Among Mad Men’s dubious contributions to popular culture–even as the show winds towards its close–is the notion that the talented ad man is, at his best, essentially an artist, a philosopher–a storyteller. (This not to say that the show isn’t otherwise a lot of fun, or that ad men can’t also be artists; see Richard Yates, for example.) But it might very well be true that an effective ad man, like a novelist or short story writer, understands that producing good work often has at least as much to do with what you leave out as with what you put in.
There are some stories, or portions of stories, that you simply don’t tell. From the perspective of Sotheby’s International Realty brokers Stephen McRae and Debbie Korb, who recently found a buyer for their $8.95 million listing at 158 Mercer Street, according to the firm’s website, the story in question concerns the condo’s former owner, Mark Madoff, who committed suicide there in 2010, two years after his father, Bernie, was arrested for perpetrating the largest financial fraud in United States history. Then again, we assume the brokers would have mentioned it, even if not in the listing, in the interest of full disclosure, lest buyers be unpleasantly surprised before the deal is officially sealed.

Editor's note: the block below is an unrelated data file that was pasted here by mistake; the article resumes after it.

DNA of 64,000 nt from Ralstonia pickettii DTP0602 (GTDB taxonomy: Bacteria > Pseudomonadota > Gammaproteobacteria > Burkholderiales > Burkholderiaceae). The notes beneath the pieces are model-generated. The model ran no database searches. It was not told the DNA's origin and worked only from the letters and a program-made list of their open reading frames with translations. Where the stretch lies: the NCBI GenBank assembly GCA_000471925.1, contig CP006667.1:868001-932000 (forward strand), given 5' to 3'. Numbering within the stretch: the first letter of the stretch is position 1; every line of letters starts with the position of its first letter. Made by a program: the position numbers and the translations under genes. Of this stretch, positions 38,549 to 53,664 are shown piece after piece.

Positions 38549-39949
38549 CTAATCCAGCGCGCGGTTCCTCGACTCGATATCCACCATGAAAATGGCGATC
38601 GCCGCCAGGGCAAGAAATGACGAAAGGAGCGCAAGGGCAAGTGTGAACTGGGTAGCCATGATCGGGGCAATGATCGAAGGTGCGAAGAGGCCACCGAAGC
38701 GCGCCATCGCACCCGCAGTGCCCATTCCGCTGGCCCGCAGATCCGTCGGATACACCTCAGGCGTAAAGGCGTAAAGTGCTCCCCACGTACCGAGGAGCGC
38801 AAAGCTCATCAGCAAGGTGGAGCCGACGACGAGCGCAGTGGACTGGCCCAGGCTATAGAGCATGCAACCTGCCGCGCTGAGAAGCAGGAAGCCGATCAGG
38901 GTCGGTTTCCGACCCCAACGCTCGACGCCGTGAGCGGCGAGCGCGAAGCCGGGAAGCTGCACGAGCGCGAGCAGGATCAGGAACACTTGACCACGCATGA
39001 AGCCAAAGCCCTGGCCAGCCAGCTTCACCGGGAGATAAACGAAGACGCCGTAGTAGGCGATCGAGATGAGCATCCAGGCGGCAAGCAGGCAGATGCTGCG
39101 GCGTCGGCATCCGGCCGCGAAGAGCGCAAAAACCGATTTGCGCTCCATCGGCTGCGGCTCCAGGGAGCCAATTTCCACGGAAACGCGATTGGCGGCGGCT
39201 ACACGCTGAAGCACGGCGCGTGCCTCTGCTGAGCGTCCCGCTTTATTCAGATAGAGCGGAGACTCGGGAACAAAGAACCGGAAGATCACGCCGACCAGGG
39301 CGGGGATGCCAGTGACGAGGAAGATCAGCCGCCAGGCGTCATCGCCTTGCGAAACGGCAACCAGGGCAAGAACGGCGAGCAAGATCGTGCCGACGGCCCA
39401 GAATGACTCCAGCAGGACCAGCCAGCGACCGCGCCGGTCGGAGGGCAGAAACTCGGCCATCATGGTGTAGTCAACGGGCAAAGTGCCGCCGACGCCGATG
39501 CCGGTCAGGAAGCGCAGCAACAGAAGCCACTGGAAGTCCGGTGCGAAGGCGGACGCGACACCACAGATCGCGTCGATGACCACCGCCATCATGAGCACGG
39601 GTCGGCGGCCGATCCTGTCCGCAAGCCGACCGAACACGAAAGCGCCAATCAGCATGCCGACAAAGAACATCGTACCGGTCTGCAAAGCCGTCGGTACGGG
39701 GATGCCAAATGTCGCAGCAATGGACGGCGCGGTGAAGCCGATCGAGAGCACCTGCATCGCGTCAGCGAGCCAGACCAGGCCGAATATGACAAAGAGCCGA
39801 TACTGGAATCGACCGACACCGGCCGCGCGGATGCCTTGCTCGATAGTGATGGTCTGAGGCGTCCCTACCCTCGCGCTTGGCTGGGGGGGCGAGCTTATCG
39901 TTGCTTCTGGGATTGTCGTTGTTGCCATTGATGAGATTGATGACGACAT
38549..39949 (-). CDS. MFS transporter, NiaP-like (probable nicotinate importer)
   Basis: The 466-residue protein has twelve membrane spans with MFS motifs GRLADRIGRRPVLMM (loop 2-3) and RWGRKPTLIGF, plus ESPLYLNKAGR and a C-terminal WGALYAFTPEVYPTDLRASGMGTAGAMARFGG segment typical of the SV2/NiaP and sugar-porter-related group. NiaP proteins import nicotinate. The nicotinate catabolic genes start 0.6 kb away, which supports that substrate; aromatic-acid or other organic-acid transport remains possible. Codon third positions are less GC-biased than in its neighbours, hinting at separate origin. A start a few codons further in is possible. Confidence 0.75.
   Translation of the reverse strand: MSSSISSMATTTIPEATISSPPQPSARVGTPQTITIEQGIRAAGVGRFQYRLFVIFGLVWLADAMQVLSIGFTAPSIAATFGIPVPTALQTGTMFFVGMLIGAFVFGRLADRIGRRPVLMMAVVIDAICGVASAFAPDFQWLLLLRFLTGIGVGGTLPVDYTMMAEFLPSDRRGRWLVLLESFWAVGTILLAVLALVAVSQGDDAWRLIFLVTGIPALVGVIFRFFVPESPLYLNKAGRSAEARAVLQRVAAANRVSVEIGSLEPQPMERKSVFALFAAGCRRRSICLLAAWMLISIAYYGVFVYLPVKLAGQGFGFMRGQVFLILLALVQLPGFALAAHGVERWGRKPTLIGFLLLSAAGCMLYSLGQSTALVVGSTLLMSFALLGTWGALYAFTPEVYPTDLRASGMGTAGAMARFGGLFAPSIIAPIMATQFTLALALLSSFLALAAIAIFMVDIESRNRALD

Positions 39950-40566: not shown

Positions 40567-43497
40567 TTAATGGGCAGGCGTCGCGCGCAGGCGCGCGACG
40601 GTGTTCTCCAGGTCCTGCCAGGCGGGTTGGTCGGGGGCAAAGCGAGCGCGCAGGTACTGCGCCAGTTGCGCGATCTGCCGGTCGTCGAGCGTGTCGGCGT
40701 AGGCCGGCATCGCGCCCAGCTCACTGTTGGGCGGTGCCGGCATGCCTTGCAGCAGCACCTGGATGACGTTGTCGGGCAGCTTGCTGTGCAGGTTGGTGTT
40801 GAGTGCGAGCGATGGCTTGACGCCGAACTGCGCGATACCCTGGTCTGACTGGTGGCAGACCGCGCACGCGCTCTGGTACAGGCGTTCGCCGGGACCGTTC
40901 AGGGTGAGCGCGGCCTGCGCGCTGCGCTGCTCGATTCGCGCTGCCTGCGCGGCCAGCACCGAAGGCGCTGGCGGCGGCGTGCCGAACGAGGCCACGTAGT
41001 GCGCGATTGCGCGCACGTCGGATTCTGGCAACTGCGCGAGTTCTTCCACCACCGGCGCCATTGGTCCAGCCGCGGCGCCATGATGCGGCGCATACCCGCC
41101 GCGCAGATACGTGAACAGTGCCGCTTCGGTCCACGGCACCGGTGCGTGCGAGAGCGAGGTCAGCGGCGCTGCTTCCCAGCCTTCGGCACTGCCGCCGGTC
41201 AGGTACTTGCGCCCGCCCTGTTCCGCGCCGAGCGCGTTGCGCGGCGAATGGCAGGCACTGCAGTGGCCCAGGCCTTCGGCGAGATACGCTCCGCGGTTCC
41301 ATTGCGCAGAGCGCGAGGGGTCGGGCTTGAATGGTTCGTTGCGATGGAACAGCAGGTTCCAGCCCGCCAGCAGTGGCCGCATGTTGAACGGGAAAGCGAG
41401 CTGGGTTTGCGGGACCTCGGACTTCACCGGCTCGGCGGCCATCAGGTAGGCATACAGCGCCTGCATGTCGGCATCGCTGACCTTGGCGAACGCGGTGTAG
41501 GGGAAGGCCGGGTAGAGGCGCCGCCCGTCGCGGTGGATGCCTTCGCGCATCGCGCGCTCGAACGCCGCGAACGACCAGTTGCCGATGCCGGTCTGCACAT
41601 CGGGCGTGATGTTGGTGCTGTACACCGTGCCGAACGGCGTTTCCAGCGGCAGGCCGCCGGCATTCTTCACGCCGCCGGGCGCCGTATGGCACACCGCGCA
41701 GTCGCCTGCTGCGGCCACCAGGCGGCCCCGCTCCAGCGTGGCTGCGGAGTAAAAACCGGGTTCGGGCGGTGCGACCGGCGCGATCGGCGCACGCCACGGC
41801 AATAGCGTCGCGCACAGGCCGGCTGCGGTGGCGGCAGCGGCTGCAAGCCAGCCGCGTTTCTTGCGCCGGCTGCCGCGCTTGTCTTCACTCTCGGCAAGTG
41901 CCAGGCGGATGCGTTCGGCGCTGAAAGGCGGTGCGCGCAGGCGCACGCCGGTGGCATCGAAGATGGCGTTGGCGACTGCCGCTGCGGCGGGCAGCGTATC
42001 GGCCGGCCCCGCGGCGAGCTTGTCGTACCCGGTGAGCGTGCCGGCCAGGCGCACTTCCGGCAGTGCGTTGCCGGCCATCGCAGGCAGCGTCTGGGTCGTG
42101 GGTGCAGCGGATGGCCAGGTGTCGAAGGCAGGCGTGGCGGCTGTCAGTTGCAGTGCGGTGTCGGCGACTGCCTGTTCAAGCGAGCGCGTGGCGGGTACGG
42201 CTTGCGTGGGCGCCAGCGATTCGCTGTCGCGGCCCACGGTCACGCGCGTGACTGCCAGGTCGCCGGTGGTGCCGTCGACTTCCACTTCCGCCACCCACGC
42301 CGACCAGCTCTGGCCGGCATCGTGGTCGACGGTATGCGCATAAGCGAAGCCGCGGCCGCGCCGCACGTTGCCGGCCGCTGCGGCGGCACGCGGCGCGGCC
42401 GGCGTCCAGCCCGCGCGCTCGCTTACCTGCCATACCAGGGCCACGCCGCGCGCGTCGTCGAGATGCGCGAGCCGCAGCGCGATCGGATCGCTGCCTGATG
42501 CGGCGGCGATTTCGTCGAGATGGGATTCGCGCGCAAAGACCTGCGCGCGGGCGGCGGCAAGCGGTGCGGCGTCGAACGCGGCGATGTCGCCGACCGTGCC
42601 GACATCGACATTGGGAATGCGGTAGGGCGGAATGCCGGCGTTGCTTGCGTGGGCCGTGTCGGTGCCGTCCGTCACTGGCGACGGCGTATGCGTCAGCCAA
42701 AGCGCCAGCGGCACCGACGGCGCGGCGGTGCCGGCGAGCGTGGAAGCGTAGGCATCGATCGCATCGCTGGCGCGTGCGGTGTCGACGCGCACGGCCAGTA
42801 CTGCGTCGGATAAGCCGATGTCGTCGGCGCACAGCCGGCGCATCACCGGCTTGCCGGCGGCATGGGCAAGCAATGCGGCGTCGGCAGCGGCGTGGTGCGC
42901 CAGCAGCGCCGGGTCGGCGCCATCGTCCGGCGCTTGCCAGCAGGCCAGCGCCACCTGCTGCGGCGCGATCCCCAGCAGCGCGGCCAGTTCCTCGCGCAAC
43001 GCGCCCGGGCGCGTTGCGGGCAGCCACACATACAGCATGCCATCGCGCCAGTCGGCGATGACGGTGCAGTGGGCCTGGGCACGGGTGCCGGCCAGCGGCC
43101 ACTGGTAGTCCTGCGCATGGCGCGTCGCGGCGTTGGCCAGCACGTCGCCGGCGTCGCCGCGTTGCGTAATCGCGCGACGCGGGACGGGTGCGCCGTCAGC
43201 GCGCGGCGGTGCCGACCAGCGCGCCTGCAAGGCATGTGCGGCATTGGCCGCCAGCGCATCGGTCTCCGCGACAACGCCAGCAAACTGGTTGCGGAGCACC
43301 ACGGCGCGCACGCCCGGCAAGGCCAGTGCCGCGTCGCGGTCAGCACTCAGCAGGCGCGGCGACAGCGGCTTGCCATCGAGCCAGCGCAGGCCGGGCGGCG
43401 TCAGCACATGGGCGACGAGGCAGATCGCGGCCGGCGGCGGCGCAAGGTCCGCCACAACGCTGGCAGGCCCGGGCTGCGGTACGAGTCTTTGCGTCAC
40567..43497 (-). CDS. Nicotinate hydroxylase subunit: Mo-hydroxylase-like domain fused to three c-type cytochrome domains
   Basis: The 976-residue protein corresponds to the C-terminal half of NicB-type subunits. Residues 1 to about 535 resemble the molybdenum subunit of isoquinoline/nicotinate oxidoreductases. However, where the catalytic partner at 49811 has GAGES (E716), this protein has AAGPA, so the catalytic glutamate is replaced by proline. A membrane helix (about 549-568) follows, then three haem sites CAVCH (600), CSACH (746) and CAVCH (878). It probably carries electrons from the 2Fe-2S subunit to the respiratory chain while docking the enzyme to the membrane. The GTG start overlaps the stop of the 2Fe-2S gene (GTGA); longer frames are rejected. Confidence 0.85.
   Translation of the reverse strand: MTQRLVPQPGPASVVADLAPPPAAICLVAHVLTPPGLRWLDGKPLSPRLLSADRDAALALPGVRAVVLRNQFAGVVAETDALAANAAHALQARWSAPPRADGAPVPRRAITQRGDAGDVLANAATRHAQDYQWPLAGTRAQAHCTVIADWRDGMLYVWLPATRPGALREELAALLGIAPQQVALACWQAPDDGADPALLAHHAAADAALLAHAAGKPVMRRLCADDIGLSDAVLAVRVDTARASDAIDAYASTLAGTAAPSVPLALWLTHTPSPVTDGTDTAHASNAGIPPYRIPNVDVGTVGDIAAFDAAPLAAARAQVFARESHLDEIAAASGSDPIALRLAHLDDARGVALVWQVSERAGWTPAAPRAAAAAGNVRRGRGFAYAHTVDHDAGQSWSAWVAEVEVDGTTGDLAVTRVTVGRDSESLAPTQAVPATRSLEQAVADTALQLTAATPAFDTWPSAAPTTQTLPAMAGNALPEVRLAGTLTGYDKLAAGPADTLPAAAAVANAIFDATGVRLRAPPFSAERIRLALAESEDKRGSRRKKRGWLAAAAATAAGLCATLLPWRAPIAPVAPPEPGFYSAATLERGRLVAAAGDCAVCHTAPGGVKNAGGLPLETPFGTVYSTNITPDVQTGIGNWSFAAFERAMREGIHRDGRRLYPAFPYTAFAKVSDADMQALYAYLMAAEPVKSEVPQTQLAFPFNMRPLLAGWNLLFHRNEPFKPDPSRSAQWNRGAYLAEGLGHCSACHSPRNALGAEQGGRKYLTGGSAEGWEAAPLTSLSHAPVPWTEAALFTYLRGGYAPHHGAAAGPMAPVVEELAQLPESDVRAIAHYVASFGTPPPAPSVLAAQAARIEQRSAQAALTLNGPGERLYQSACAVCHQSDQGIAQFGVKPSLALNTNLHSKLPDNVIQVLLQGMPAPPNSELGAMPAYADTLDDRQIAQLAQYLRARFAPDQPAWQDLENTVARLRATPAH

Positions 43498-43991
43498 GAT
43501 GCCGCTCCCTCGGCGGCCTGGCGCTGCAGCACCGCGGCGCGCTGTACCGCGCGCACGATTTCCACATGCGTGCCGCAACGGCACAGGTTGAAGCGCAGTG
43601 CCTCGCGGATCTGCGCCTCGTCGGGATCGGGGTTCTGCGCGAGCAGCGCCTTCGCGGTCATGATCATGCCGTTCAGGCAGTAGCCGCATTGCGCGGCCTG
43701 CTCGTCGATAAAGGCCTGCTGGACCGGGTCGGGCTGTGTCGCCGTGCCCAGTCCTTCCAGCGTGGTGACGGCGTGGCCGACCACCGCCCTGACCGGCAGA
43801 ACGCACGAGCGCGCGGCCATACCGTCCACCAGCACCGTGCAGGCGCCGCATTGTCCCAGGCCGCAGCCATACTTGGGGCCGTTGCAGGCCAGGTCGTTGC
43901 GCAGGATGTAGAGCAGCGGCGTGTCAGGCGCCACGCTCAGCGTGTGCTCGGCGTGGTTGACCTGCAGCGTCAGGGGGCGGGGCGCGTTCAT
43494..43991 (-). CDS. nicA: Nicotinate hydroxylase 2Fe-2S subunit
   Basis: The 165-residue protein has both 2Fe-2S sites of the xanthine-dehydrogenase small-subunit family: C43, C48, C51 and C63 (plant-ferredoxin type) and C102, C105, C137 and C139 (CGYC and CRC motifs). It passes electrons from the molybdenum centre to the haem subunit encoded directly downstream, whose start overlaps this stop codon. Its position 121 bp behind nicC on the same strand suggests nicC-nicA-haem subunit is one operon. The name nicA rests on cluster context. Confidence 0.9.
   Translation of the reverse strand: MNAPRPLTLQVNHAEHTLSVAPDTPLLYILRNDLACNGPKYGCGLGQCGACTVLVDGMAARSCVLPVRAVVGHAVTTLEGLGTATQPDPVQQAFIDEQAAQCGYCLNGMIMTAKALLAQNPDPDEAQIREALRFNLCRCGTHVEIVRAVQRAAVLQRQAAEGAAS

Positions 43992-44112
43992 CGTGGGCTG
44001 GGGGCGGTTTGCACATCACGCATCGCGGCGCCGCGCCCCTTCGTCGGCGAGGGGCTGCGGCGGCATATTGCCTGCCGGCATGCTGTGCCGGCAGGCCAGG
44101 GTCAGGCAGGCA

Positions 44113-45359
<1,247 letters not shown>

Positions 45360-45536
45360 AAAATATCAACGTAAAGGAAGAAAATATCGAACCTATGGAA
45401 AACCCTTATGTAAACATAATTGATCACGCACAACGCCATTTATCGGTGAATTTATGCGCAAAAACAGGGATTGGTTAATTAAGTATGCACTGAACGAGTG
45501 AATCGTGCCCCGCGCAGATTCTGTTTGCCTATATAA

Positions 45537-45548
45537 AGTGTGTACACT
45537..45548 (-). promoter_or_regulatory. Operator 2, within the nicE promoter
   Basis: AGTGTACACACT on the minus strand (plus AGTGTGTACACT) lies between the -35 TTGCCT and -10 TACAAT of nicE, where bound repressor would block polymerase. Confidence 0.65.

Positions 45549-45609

But given that the four-bedroom 4,169 square-foot apartment spent just a few weeks on the market, we’d guess that the would-be new owners are pretty darn hot-to-trot despite the property’s history. It’s not terribly difficult to see why, even taking the locale’s grizzly back story into account. Purchased by Madoff with his wife, Stephanie, in 2005 for just over $6 million, the Soho loft has beautifully sleek interiors and a wall of windows facing west onto Mercer Street, with charming views of local buildings and rooftop